Mahreen is undertaking a PhD in the School of Management in UNSW Business School, and is also a PhD Teaching Fellow. She is currently investigating the antecedents of emotional intelligence. Prior to her PhD, she has completed a Master of Psychology (Organisational) and a Bachelor of Psychology with First Class Honours, both at UNSW.
- Amirali Minbashian
- Carolyn MacCann
- Emotional Intelligence
Awards and Scholarships
- PhD Placement Scholarship for Research Excellence
- Outstanding Student Presentation Award at the Australian Conference of Personality and Individual DIfferences
- John Prescott Scholarship for Management
- Australian Postgraduate Award plus UNSW Business School Supplementary Scholarship
- The Stephanie J. Moylan Memorial Prize for Best Performance in an Organisational Psychology Master's thesis
Papers and Conference Presentations
Khan, M. & Grisham, J.R. (2018). Wiping Your Conscience Clean: Investigating the Macbeth Effect in Individuals with High Obsessive-Compulsive Contamination Concerns. Journal of Experimental Psychopathology, 9(3), 1-10. doi.org/10.1177/2043808718786595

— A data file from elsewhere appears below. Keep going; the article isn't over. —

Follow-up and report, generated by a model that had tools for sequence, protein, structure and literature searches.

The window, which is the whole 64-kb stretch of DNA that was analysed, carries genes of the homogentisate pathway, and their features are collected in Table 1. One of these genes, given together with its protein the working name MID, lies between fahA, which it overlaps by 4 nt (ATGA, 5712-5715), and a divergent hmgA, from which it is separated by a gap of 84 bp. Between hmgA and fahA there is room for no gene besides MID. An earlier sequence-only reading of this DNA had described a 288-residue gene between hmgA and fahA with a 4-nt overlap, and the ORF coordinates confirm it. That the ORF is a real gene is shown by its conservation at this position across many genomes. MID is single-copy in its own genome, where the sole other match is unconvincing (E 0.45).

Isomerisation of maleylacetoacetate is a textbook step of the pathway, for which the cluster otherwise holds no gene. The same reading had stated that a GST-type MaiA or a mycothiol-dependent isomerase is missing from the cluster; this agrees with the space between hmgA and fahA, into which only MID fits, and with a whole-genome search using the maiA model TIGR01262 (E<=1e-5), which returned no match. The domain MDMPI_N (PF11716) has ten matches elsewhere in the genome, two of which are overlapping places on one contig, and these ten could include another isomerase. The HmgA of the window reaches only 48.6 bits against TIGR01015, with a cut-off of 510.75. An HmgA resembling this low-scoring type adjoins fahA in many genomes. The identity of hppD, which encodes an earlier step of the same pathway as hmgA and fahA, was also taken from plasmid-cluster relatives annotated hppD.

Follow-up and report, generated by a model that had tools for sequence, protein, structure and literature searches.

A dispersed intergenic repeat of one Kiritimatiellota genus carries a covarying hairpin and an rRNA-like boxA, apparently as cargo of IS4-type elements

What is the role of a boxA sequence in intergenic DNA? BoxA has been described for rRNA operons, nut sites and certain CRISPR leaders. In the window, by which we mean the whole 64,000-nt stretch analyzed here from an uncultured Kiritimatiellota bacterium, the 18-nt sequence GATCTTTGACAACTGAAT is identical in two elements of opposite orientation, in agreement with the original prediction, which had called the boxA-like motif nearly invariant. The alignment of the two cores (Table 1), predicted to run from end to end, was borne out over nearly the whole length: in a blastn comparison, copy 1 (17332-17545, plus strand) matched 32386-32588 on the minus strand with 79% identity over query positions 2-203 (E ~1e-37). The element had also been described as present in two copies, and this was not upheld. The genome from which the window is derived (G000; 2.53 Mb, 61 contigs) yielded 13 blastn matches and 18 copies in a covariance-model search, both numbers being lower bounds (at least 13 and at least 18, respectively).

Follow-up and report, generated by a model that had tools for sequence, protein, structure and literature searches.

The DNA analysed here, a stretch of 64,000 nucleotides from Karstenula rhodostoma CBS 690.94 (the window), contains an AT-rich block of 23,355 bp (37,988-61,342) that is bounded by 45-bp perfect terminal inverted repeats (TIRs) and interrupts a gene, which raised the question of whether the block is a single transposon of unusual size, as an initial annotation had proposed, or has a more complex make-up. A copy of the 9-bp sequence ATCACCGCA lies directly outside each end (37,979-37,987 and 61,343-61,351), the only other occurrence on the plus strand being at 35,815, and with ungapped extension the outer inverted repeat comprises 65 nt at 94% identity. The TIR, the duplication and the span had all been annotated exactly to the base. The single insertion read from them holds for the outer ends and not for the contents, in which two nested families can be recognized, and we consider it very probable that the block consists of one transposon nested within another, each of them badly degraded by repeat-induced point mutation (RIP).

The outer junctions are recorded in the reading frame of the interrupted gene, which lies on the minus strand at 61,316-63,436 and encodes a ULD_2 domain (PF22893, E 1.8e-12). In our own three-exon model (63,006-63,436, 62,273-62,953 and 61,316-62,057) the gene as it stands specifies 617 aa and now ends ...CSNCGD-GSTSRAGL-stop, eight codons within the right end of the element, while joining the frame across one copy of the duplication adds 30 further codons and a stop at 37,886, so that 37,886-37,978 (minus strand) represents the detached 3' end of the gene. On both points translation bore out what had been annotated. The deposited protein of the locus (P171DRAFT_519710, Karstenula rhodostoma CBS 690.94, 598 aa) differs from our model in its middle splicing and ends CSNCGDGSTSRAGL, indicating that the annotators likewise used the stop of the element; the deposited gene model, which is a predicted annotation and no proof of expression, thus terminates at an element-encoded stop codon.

Khan, M., Minbashian, A., & MacCann, C. (2017, December). Emotional Intelligence and Age: A Meta-Analysis. Symposium presented at the Australian Conference on Personality and Individual Differences: Sydney, NSW.
Khan, M., & Minbashian, A. (2017, August). The Effect of Age and Work Experience on Emotional Intelligence: A Meta-Analytic Review. Paper presented at the Academy of Management meeting: Atlanta, GA. doi: 10.5465/AMBPP.2017.15324abstract
Khan, M. (2016, September). A Novel Investigation of Ageing and Performance. Invited talk at the 2016 College of Organisational Psychologists NSW AGM.
Khan, M., & Minbashian, A. (2016, August). Within-person Effect of Ageing and Between-person Effect of Starting Age on Performance Trajectories. Paper presented at the Academy of Management meeting: Anaheim, CA. doi: 10.5465/AMBPP.2016.15273abstractGrisham, J.R. & Khan, M. (2014, November). Wiping your conscience clean: Investigating the Macbeth effect in individuals with high obsessive-compulsive contamination concerns. Symposium presented at the annual meeting of the Association for Behavioral and Cognitive Therapy: Philadelphia, PA.